A few months ago, I had an irritating symptom where, after selecting to put my Mac Pro to sleep, it would immediately reawaken. As detailed in a prior Bugs & Fixes article, I had to select the Sleep command a second time before the Mac would finally stay down.
The proximate cause of the symptom was the “Wake for network access” option, as enabled from the Energy Saver pane from System Preferences. Disabling this option eliminated the symptom. This was a good enough solution for me. (The ultimate question of how to prevent the problem without having to disable the option need not concern us today.)
All was fine on this front until a couple of weeks ago when the Wake symptom mysteriously returned. Why? Because “Wait for network access” had been re-enabled. Huh? How? I certainly had not done so.
I knew that the actual setting for this option was stored in the com.apple.PowerManagement.plist file, located in /Library/Preferences/SystemConfiguration/. By checking the most recent modification date of this file, I was able to determine that the Network Access option was being re-enabled each time I restarted my Mac. But why?
At this point, I could have shifted into trial-and-error troubleshooting mode. I could have spent time making sure that permissions were correct—or deleting the .plist file altogether (forcing a fresh copy to be created)—or going through a checklist of typical repairs, such as running Disk First Aid and resetting the PRAM. However, I knew from experience that, absent any precise reason to expect such fixes to work, I would likely be wasting my time.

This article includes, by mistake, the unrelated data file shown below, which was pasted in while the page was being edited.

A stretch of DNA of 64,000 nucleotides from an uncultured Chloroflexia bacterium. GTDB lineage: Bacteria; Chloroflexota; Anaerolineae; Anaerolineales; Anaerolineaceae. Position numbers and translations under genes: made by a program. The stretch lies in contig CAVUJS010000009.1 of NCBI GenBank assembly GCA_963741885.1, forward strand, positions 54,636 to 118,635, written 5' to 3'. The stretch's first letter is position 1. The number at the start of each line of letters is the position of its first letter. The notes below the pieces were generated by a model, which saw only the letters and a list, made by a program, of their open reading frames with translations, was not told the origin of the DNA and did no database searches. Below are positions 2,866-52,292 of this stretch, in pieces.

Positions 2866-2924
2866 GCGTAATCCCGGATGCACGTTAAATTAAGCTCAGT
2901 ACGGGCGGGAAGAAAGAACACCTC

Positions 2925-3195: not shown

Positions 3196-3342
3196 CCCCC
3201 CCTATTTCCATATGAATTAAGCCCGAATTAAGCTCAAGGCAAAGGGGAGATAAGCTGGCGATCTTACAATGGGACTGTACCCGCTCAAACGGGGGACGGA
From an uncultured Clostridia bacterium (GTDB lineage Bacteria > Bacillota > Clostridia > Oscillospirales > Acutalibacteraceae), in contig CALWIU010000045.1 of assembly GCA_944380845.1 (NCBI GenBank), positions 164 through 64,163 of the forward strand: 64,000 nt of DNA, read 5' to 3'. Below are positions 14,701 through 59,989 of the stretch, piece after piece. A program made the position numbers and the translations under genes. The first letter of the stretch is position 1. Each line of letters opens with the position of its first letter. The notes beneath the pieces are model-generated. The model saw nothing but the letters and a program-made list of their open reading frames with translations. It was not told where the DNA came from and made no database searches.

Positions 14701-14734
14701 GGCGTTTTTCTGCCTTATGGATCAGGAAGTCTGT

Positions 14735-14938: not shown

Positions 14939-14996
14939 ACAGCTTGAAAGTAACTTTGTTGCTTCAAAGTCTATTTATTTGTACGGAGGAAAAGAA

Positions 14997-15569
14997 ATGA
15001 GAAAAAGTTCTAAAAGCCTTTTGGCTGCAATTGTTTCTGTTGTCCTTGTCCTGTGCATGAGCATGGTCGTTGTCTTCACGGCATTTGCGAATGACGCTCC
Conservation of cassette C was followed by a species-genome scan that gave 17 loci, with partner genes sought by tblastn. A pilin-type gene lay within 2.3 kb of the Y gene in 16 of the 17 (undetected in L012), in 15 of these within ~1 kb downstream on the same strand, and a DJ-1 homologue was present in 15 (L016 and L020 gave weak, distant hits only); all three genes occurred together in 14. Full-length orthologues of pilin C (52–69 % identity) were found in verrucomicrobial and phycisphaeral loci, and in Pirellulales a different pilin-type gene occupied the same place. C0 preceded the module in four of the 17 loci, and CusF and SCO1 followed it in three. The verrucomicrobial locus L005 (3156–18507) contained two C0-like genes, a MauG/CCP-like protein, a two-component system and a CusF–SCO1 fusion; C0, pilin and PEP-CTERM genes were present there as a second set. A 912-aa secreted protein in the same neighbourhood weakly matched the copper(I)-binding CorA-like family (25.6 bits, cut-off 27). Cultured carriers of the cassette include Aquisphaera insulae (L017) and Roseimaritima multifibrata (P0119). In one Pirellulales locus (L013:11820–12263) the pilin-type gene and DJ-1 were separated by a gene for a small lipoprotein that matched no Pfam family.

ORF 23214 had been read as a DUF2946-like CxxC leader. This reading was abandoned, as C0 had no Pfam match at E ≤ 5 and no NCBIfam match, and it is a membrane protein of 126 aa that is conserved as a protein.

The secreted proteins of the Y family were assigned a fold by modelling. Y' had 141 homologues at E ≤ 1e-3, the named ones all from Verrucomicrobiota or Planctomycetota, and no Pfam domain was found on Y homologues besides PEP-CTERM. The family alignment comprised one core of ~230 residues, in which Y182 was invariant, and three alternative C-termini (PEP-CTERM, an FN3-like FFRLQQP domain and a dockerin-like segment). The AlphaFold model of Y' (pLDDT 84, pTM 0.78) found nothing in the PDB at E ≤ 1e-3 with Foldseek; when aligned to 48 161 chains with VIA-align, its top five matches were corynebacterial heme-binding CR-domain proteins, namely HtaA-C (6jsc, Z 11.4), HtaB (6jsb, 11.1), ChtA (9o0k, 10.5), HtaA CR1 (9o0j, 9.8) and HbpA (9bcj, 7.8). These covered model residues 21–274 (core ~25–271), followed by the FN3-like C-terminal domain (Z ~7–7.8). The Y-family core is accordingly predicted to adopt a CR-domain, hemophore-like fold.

Instead, I turned to the number one, most important, most useful, most critical, absolute best troubleshooting tool available to the human race: The Web. I entered the phrase “Wake for network access reset on restart” in Google. The top hit was an Apple Discussions thread that contained the answer: It was LogMeIn. Yup, as I now recalled, I had installed this software around the same time that the symptom first re-appeared.
It’s not that there is a bug in LogMeIn. Rather, it’s a feature. Because the software is designed to permit remote access to your Mac, it makes sense that LogMeIn would prefer “Wake for network access” to be enabled. That way, if a remote device attempted to access the Mac when it was asleep—the Mac could wake up. That’s presumably why, in LogMeIn’s Advanced Preferences, there is an option to “Enable Wake On LAN.” As I discovered, this option forces “Wake for Network Access” in Energy Saver to be re-enabled on restart. The LogMeIn option is turned on by default.
After I unchecked the LogMeIn option, my wake-immediately-after-sleep problem was once again gone.
The moral of the story? You too can be a troubleshooting expert. No experience necessary. Well, almost no experience. In most cases, the quickest route to a solution for your problem is a well-crafted Google search.
Follow-up: Two weeks ago, I noted a potential wake-from-sleep display problem with the new MacBook Airs. At the time, I said “No solution has been reported as yet.” That status has changed. According to a new Apple support article, updating to Mac OS X 10.6.5 resolves the issue.